As I sit in my salvaged adirondack chair rescued from a neighbor’s thrift pile, with the heavy reassuring weight of my porcelain mug in hand I find myself catching my breath and sighing into the peaceful morning after the insanity of last night.
I’ve come to realize along with the joy of cabin ownership there are also deep moments of despair and self doubt.
This past winter with the severely needed snow pack also brought extreme amounts of damage to so many cabins. My immediate neighbors and I got off light. Minor deck damage, some broken shutters, my disintegrated door, flooding in low zones, and various swelling and shifting of wood. We were so lucky. Some neighbors across the lake had massive structural damage, a resort on Tioga Pass looked like it had been wrung like a dishrag by a passing giant.
The weather was crisp yesterday afternoon when I arrived, it almost had a touch of fall in it already, warning signs of a possibly exceptionally short summer. I loped about the cabin opening windows and inhaling deeply. It always feels so incredible to be out of the car after that 5 hour drive. There’s a deep layer of delight in lowering the heavy wooden shutters and opening the cabin up for the week.
When I reached the bedroom and went to open the windowI realized after much pulling and pushing it was stuck firmly shut.
As the summer progressed the wood of the cabin had been on an ever evolving journey of self discovery. In most cases it seemed best to just let it go through it’s paces like an emotional teenager trying on it’s personality for the first time. Best to give it some space and hope it all settled in for the best of all involved.
When it didn’t budge after an acceptable amount of trouble shooting I let it be with the patience of an indulgent grandparent knowing that at some point the toddler will stop blowing the whistle. Acceptance is sometimes the best defense.
Per my usual routine that evening I went about the cabin switching on lamps and enjoying the glow of light bouncing off the wood beams.
I was busy flitting about doing some first night chores so failed to notice the festivities unfolding around the lamp in the bedroom.
By the time I waltzed into the room book in hand, ready to collapse into an evening of chivalry and poets a festive monster’s ball had unfolded around my bedside milk glass lamp.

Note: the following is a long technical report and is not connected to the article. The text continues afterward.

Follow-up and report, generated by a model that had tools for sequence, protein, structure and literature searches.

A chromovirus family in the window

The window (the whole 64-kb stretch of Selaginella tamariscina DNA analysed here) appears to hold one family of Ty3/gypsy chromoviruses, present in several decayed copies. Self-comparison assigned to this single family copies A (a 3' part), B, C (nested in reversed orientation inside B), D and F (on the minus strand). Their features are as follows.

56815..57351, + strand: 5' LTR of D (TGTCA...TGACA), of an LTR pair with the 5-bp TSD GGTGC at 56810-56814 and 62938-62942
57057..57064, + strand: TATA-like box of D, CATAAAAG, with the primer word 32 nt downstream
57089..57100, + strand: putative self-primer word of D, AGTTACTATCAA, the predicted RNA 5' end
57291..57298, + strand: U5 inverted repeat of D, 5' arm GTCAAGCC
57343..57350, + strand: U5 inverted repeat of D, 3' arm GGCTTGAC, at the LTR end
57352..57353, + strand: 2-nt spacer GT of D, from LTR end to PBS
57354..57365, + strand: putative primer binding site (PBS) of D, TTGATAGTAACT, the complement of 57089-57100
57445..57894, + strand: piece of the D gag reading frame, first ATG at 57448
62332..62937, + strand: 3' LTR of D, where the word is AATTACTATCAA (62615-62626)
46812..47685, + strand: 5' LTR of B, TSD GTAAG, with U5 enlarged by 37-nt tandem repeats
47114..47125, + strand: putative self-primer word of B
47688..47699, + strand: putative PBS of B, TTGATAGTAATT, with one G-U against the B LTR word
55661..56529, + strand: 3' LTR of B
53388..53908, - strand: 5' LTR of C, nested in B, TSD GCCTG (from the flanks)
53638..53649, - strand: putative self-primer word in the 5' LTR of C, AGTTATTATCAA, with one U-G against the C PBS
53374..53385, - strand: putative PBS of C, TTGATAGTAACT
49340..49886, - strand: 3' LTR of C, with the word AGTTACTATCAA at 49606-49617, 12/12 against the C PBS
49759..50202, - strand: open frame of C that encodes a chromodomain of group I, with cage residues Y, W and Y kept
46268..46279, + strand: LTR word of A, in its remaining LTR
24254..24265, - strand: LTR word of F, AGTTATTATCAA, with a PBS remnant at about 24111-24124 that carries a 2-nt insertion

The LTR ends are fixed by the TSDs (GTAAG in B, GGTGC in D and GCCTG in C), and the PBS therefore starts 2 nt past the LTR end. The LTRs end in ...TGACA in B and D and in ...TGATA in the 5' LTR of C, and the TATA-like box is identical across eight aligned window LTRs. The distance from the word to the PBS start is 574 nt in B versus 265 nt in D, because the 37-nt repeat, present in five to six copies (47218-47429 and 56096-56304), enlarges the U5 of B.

The window that wouldn’t open had contracted in such a way that a small gap existed between the outside and the box the window dropped into, causing a tiny speakeasy door for the thousands of gnats beating against the pane of glass anxious to get close to the belle of said ball, the warmth of that stylish 40 watt light bulb.
Scarlett O’ Hara never had it as good as Ma Bell this evening.
The image that flitted through my mind as I watched them enter in, one and two at a time from the corner of the window, was that scene in The Haunted Mansion at Disneyland of the ghosts in the ballroom waltzing in and out of vision, floating in and off through the wall.
As they entered through the window I watched them dance their way up and under the shade and descend serenely into their deaths. The amount of tiny carcasses dropping onto my nightstand and pooling in the bowl of the lamp were too numerous to count and disgusting to behold.
There were so many in the room there was that brief moment of thinking “Are they going to suffocate me?”
I didn’t think I needed to add “Death by insect suffocation” into the hazards of the cabin but who knew at this point? After quickly scanning the insect party busting options it seemed the most effective line of defense was to shut off the disco ball and plug the hole. That seemed to stem the bulk of the tide and I drifted off to sleep with the smell of burnt gnats tickling my nose.
I awoke and started my day with a firm resolve to resolve this issue with the window. After my morning coffee I pulled together my little cabin assistants- Hammer, screwdriver, wrench, and an old beat up coffee can full of nails and the rusty hum of tetanus.
I figured I should start with getting the window to actually open and go from there.
The wood around the window had swollen so much from the moisture that it was pressing the window in a crushing grip of immovability. The remnants of the wet dog atmosphere of the winter of no power in the snow buried bedroom.
It was an easy enough fix. Although it was a trick to not break the window with the hammering, a couple of nails to secure the loose bits tighter resulted in a window that now functioned the way that it was designed.
Plugging of the gnat hole proved to be slightly more challenging. I tried hammering in a new exterior sill in the hopes that this would block the little guys entry, but alas that night it was back to a stuffed shirt and a miniscule dance party. In the end a piece of wood inserted into the inside sill worked as a temporary fix until the day I could finally get real screens installed.